Episode 006: The Road to Tibet
Everest here we come! Kathmandu has been great but it’s time to get moving towards the mountain. We start the day off with the first of many, many kilometers along the Friendship Highway. This road connects Kathmandu, Nepal with Lhasa, Tibet and is the highest continuous road in the world. As we begin the drive I’m struck by the complexity of the landscape around me. Everywhere you look there are steep hillsides that have been terraced to allow farming and, well, places to build small houses. I can’t even imagine how much work that must have been, but I know it must have been done by hand. Not long after departing Kathmandu we’re in the foothills of the Himalayas and we really get moving on some narrow road. Our driver is well skilled at using the most important part of the entire van we’re riding in: the horn. Back home in the USA people only honk their horn in extreme circumstances. Here in Nepal, I think there’s a 1:1 ratio between blasting the horn and breathing. Near the border with Tibet we enter the small town of Kodari. This is our last stop in Nepal and all of our gear must be unloaded from its truck and hand carried over the Friendship Bridge into Tibet to be loaded onto another truck. Kodari if full of porters and there’s a lot of competition to get a hold of something to carry.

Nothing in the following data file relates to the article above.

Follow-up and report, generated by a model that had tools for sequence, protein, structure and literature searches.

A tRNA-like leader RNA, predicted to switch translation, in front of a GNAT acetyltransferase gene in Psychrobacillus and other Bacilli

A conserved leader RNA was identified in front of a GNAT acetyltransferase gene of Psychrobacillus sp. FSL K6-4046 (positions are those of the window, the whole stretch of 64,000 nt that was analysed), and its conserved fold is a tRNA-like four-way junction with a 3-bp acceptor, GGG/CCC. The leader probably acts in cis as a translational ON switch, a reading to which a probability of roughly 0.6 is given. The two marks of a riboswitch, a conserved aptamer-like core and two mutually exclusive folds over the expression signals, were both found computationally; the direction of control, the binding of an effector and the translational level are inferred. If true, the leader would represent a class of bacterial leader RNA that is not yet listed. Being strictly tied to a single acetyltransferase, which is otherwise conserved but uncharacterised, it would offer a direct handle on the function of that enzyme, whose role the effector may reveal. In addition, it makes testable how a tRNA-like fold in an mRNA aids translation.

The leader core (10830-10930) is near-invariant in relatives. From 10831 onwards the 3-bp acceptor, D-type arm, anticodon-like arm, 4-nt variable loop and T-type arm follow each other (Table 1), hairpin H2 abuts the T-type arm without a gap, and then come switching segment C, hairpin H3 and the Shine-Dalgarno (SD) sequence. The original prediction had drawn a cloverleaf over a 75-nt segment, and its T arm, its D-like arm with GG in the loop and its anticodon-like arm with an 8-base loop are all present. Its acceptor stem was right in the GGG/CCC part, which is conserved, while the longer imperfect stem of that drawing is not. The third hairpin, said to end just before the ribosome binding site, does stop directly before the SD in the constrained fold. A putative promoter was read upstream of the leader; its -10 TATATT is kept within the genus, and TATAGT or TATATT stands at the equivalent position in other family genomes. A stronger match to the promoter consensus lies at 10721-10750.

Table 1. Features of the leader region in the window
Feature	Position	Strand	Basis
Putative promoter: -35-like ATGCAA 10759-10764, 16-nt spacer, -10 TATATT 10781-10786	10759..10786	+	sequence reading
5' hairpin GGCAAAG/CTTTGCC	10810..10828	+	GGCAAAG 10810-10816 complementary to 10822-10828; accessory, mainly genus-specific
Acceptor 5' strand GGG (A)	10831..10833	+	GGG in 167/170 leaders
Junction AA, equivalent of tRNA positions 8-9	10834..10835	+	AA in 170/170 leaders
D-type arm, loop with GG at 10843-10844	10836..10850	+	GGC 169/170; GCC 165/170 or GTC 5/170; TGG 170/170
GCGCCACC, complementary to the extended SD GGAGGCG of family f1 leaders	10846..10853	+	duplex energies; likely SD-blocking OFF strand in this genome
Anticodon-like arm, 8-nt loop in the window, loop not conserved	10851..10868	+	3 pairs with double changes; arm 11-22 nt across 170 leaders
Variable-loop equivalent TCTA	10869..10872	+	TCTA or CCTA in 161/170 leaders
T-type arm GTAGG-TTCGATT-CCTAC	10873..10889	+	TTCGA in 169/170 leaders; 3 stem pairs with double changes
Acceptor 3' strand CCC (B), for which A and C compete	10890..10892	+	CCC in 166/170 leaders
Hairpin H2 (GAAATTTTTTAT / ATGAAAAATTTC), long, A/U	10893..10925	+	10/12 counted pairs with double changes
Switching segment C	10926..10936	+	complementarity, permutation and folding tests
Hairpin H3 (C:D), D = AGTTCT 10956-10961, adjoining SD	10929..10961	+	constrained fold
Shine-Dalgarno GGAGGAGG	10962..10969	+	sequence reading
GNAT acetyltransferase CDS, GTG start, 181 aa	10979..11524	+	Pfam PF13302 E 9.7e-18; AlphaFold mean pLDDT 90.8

Off in the distance, on a far hillside is the Tibetan border town of Zhang Mu. It truly looks like a different country with it’s colorful brick and concrete buildings, unlike the many small wooden shanties here in Kodari. “Wow” I think as I stare up at Zhang Mu, “I’m about to step foot into Tibet. I can’t believe it.”
Total Running Time: 22:24
Dispatch 7, April 10, 2003: Zhang Mu, Tibet
We crossed the border into Tibet today. This is an incredible drive along the Friendship Highway from Kathmandu to a town just across the border, Zhang Mu, Tibet. We will stay here for one night.
We traveled from Kathmandu in two vans for a little over four hours before reaching the border. It is a fantastic voyage in a late 80’s Toyota van. Of course, you have to understand, the Friendship Highway is not quite like the kind of highways we have in America. In fact it is more like a farming road. Inside our van, we hurtled at speeds close to 30Kmh on 15 ‘ wide roads bumpier than an alligator’s back. It felt like the driver was literally trying to thread a needle through a 100 pound piece of Swiss cheese.
I had a great respect for his experience and confidence after realizing how many thousands of blind corners he intuitively navigated, and never once brushing the sides of The 4 ton trucks we would slide by with a 7” margin of safety. If this is why they call it the Friendship Highway, then I understand. After today it is obvious these drivers have made peace with this road!